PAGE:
Last Revised: October 05, 2023
EHRS provides services and resources to ensure worker health and safety while working in the University Laboratory Animal Resources and Gene Therapy departments. EHRS participates in New Employee Orientation training along with an annual training for the entire staff. Biosafety, Hazard Communication, Hearing Conservation, Workplace Safety, Ergonomics, and Materials Handling are the main focus during training and throughout the year.
Anesthetic safety including the use of isoflurane can be found below.
In the event of a worker injury, the Accident/Injury Report (AIR) form should be filled out at the links below.
PURPOSE OF BRIEFINGS
The purpose of in-person briefings is to boost collaboration and promote a healthy and safe workplace among researchers and ULAR staff at Penn.
- Connect PIs and researchers with the ULAR staff who support their research by providing daily care to our research animals.
- Educate ULAR Animal Care Technicians(ACTs), Husbandry Supervisors, and Facility Managers regarding the hazards involved with working with biological agents, recombinant nucleic acids, and human pathogens and to clarify best practices to reduce the risk of exposure or injury to animal facility staff.
- Coordinate anticipated housing and care needs, experimental timeline, and potential health outcomes of their animals.
- Improve our hazard communication program as essential to our institutional veterinary accreditation (AAALAC) and federal regulatory compliance.
BRIEFING TOPICS & QUESTIONS TO CONSIDER
- Research: What is the background of the study and animal work? How will this study improve human understanding or health?
- Potential Hazards: What pathogens/hazardous agents will be used in the animals? Why are they assigned as ABSL-2 and how should these agents be handled especially by personnel that work with the animals?
- Risk Mitigation: What measures are taken to reduce any risks to staff; and beyond wearing appropriate PPE, what additional precautions must be taken?
- Logistics: What is the length of study and the number of cages involved? Are there any special needs? How will used/dirty PPE and cages be disposed of? When is change day and who will be your ACT?
- Animal Welfare: How will the animals be impacted and when should animal illness be reported to the clinical team?
TIPS FOR A PRODUCTIVE BRIEFING
- Describe your research study using lay terms targeted towards an audience of diverse scientific and educational backgrounds.
- Use an informal, conversational, and approachable style. Each person in the meeting should introduce themselves.
- Plan for this meeting to last around 20 minutes; no PowerPoint is required.
- To schedule your Animal Hazard Briefing, please fill out the Briefing Request form.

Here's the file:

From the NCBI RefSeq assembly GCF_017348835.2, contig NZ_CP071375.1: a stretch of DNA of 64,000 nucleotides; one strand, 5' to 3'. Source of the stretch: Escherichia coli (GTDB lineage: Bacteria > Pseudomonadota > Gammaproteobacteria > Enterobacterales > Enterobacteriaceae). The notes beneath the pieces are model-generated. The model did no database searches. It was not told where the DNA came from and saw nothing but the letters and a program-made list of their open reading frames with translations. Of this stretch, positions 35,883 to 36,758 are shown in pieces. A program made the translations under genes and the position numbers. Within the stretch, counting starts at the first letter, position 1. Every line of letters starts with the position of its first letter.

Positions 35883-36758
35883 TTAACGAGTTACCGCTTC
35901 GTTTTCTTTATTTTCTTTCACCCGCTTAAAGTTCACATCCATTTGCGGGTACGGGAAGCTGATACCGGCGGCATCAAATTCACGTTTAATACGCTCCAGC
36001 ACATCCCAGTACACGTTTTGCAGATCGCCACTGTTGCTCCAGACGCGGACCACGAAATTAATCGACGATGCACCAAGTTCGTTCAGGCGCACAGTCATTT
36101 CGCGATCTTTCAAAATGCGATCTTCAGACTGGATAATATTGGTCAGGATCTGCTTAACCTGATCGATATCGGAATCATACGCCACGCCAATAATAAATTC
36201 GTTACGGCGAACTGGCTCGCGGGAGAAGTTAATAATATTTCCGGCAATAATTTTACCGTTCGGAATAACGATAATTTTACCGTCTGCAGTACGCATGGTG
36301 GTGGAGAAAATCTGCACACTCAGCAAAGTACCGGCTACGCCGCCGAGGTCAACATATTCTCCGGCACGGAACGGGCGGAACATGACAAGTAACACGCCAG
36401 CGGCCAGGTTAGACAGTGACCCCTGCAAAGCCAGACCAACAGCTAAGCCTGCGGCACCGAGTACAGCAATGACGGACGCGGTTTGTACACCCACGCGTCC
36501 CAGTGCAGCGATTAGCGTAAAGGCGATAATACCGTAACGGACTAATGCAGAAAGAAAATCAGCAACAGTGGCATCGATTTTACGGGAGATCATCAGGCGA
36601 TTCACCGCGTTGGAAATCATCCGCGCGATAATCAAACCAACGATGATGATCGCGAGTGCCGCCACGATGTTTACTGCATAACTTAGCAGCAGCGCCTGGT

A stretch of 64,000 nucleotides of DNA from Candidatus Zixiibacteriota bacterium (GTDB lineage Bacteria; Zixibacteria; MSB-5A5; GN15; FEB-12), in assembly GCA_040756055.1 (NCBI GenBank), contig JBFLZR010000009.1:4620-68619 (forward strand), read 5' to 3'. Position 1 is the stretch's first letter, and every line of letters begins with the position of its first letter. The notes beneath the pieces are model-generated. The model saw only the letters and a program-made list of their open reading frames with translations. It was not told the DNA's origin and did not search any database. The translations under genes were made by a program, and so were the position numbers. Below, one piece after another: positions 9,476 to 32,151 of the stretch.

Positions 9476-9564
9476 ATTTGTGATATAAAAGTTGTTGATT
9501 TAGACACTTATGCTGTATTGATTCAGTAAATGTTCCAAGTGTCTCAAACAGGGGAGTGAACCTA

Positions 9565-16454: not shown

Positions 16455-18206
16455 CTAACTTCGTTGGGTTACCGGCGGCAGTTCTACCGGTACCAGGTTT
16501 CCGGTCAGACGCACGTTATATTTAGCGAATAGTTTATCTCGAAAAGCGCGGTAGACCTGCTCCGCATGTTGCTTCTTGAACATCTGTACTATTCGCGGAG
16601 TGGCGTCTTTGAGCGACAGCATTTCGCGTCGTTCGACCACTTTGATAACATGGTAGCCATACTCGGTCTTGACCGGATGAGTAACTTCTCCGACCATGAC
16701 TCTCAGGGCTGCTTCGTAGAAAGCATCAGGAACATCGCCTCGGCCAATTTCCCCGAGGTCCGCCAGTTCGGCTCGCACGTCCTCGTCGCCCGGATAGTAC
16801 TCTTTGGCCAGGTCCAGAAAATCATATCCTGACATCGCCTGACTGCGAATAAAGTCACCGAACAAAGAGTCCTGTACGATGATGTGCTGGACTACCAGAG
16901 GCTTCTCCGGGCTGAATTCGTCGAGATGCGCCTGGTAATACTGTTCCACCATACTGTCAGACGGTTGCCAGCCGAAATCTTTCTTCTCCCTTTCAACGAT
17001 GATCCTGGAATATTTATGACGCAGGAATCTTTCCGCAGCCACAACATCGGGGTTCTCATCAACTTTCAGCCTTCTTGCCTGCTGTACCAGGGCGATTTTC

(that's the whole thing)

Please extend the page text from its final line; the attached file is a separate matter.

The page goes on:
- Once scheduled with your ULAR facility staff, please inform the Biosafety Team (email@example.com).
COMMONLY ASKED QUESTIONS
- What animal research requires a briefing?
- Briefings are required for animal research assigned to ABSL-2 containment. Common examples include, but are not limited to, the use of human source material likes cells and tissue, some viral vectors like lentiviral and adenoviral vectors, and pathogenic agents like LCMV and influenza.
- How often are briefings required?
- Briefings are required annually while work is ongoing. Briefings should occur at least a month before work begins.
- How will I know my research requires a briefing?
- Your lab will be notified of the briefing requirement during animal research protocol reviews. Briefings will be requested during full protocols reviews and when new material requiring ABSL-2 containment is added during an amendment review.
- Do I have to provide a PowerPoint during my animal hazard briefing?
- No, please do not provide a PowerPoint. This is an informal conversation about your research. Most facilities do not have the technology set-up.
- Who should be invited to the animal hazard briefing?
- ULAR Animal Care Technicians(ACTs), Husbandry Supervisors, Facility Managers, Clinical Staff, and Biosafety Officers (EHRS) should be invited to the briefings. Principle investigators and researchers most familiar with the work must also attend.
- I don't know what to include in my lab's animal hazard briefing. Who can help me with this?
- Reach out to the Biosafety Team (firstname.lastname@example.org) for help! Agent reference cards (listed below) are also helpful.
- Can I order new animals or transfer animals into ABSL-2 containment without first conducting an animal hazard briefing?
- No, an animal hazard briefing is required for the procurement and transfer of animals into ABSL-2 containment.
AGENT REFERENCE CARDS
Agent reference cards include the hazard associated with an agent or biological material, the risk the agent poses to an animal care technician (ACT), ways to mitigate risk to the ACT, and emergency response in case an ACT is ever exposed to the agent. These agent reference cards may be used to discuss these topics during an Animal Hazard Briefing.
- Adenoviral Vector
- Borrelia burgdorferi
- Citrobacter spp.
- Clostridium difficile
- Cryptosporidium spp.
- Dengue Virus
- Francisella novicida
- Human Cell Lines & Tissue
- Influenza Virus - A, B, C, low path
- Legionella pneumophila
- Lentiviral Vector & Lentiviral Vector Modified Cells
- Mayaro Virus
- Murine Adenovirus
- Murine Astrovirus
- Murine Gammaherpesvirus 68
- Murine Norovirus
- Plasmodium berghei
- Pseudomonas spp.
- Rabies Viral Vector and Rabies Viral Vector Modified Cells
- Retroviral Vector & Retroviral Vector Modified Cells
- Salmonella typhimurium
- Staphylococcus aureus
- Streptococcus pneumoniae
- Trichuris muris
- West Nile Virus
- Yellow Fever Virus